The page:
Brooke Diamond image

Brooke Diamond

The COVID pandemic has, by and large, been a time of sorrow. But Brooke Diamond, a Scarsdale High School 10th grader and Fox Meadow resident, has distilled her experiences over the past year into something extraordinary: a beautiful — and now prizewinning — poem. Her composition, “Movement of Time,” took third place in a writing competition sponsored by The LifeWrite Project, an initiative that raises funds for COVID-related charities.

The win was an early holiday gift for Diamond, who received the good news in December. It is a victory she relishes, especially since she initially had been nervous to submit her poem for consideration.

“Someone had told my mom about the program, and my mom said, ‘Hey, we can enter.’ I was like, ‘Oh, I don’t know if my poems are that good,’” she recalled. “And then I was like, ‘Just go for it.’ So I went for it.”

The contest called for a wide range of entries — not just poetry, but short stories and anecdotes as well, so long as they related to people’s experiences during COVID. At first, Diamond struggled to capture the tumult of it all in verse.

“I think [COVID] first came in as a winding roller coaster, and it brought in different emotions and it brought in different experiences,” she said. “Everyone was impacted differently, but for me, I adapted quickly and I got up and I kept moving forward, because that’s the only thing you can really do.”

Transforming these complex thoughts into verse was an intensive, two-day process. At first, Diamond remembered, she asked herself hard questions: “How exactly am I supposed to write all this in one poem — all of the different ways that COVID came? Not just for me, but for all of us?” she said. “And then once I kind of got the idea of where I wanted to go with it, then I really went with it.”

The result is a searing, insightful work that captures the ways in which both time and societal norms have shifted during the pandemic. A few excerpts:

A solitary moment expands while we wait for it to end

Leaving me to wonder, as I race forward, how much longer until time advances …

A sea of masks surrounds me

And I feel clustered and cramped, despite everyone being distanced…

In its entirety, the poem reflects the irony of our times. Yet the musings end on a youthful, hopeful note:

I need to keep going.

The poem, along with other selected entries (including that of Diamond’s mother) appears in “The Corona Silver Linings Anthology,” available through Amazon.

While being publicly recognized for her literary prowess is a new experience for Diamond, she has been writing poetry for years. She traces her love for the genre back to sixth grade: “Our teacher gave us an assignment — one had to write a poem about something that was simple, but was gradually progressing,” she recalled. “I had written poems before, but in this one I was using different elements in one poem, and I was trying to make it sound good … that’s how I kind of got into it. I could just sort of see that it was a way that I could express myself.”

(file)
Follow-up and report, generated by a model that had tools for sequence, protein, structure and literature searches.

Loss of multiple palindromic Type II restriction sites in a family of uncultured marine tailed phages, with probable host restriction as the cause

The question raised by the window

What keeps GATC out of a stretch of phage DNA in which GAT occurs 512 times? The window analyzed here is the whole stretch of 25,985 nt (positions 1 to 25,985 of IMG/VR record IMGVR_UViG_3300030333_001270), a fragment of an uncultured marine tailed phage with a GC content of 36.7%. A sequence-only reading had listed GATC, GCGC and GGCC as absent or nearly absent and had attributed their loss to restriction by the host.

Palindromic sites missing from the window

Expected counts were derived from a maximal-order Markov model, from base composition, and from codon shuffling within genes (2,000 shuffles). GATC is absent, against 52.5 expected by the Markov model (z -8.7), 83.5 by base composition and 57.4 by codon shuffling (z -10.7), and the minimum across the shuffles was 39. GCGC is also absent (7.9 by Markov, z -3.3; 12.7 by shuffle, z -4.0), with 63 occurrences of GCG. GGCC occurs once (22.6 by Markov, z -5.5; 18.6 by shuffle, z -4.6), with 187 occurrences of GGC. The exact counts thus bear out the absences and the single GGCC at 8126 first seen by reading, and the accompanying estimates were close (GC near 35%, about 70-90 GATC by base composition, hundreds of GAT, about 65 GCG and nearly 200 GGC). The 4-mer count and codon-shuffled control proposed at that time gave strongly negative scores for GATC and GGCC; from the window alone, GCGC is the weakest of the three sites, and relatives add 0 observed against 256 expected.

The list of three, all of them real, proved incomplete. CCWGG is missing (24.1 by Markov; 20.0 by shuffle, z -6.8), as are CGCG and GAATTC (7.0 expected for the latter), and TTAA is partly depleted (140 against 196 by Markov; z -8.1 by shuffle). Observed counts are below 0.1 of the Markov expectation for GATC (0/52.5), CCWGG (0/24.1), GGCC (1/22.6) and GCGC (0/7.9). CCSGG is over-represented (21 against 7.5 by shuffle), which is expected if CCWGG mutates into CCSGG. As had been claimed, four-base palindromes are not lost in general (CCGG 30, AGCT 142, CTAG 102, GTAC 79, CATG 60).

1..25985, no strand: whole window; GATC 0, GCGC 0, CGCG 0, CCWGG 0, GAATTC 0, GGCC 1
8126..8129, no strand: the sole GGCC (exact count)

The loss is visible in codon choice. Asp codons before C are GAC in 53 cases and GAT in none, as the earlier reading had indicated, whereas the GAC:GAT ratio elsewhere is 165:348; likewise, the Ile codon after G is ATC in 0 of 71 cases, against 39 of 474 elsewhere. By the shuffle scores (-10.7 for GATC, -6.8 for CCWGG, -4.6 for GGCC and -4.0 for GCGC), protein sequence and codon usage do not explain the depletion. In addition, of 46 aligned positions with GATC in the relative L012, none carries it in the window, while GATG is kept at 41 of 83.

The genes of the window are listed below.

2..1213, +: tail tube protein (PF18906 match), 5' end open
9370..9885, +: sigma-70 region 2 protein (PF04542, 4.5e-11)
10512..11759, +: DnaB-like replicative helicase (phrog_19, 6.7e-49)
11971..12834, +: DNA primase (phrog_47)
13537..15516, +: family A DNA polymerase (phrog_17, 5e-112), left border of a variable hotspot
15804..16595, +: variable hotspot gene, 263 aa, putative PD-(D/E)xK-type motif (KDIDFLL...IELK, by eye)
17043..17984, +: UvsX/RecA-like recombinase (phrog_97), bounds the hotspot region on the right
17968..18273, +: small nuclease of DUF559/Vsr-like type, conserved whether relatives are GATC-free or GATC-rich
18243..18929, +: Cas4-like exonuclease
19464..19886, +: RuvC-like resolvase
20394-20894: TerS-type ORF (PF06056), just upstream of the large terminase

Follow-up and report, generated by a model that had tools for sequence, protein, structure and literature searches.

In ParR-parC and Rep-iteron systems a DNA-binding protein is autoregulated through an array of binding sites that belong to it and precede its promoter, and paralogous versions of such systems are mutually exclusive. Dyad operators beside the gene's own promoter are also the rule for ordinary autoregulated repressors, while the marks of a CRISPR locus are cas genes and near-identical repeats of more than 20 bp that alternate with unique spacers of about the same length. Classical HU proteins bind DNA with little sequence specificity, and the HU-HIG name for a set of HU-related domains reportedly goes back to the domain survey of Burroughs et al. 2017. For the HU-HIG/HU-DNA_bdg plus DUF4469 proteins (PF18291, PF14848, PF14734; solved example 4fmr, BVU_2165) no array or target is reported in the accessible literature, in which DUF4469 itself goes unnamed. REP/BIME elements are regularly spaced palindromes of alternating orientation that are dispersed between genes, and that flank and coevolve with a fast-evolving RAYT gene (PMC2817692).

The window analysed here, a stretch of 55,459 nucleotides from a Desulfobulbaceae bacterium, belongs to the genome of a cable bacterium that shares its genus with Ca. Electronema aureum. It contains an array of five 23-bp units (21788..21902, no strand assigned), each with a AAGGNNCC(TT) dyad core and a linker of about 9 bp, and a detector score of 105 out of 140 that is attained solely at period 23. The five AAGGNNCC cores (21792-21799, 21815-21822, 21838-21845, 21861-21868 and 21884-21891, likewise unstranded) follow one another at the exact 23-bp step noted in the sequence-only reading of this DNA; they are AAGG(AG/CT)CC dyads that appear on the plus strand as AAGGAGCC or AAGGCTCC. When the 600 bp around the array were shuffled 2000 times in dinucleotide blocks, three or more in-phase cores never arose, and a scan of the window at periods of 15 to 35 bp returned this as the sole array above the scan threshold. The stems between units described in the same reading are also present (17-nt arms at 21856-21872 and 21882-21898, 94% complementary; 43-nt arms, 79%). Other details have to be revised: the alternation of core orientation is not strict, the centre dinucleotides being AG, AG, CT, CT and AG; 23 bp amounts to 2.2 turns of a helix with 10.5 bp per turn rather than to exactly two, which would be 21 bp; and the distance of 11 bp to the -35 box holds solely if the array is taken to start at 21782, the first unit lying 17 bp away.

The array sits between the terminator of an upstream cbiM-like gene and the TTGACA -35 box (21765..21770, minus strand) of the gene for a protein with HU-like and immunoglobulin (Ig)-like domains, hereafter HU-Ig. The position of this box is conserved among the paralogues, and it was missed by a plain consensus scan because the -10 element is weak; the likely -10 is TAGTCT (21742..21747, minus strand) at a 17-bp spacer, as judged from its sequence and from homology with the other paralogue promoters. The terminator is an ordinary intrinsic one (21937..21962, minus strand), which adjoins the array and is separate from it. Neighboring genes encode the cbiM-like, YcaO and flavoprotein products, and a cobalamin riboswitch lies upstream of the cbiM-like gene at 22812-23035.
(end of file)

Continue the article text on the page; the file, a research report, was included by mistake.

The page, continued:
From then on, Diamond began writing poems fairly regularly. On, a group-chatting platform that hosts interest-based communities, she is an administrator of a poetry server called thoughts n-balloons.

“I run it basically with a friend, and we started it in about March of last year, at the beginning of COVID, because we wanted to start a community where people with poetry could come together,” she said. “I’ve been writing a few poems from then, and I’ve also been helping people with their poems. It’s just really been an enlightening experience.”

Like many young poets, Diamond’s favorite school subject is English, and she is a voracious reader (a pastime facilitated by the brand-new Kindle Cloud Reader she received from the LifeWrite Project for her win). In terms of poetry, “I really enjoy Kobayashi’s work,” she said, referring to Kobayashi Issa, a Japanese poet known for his haikus and journals. Diamond is currently reading the “All Souls” trilogy, a series of three books that follow the relationship between a witch named Diana and her vampire soul mate, Matthew.

Though she enjoys both consuming and creating literature, Diamond doesn’t have plans to pursue a career in the arts. “I would love to be a writer, but I’m not the kind of person who could live like that,” she admitted. “I’m the kind of person who needs to have a paycheck. I’m looking into engineering — I really like doing that sort of thing, and [at school] I’m in the robotics club, actually.”

Yet she is confident that poetry will always be a part of her life. For other aspiring poets, Diamond offers some wise advice: “I think that it starts from the soul and it ends in the brain,” she said. “It starts from when you take a piece of your heart and you find the confidence to put it on paper and you share it with others. It takes a lot of confidence to be able to write poems. So if people are already doing that, they’ve taken a huge step.”

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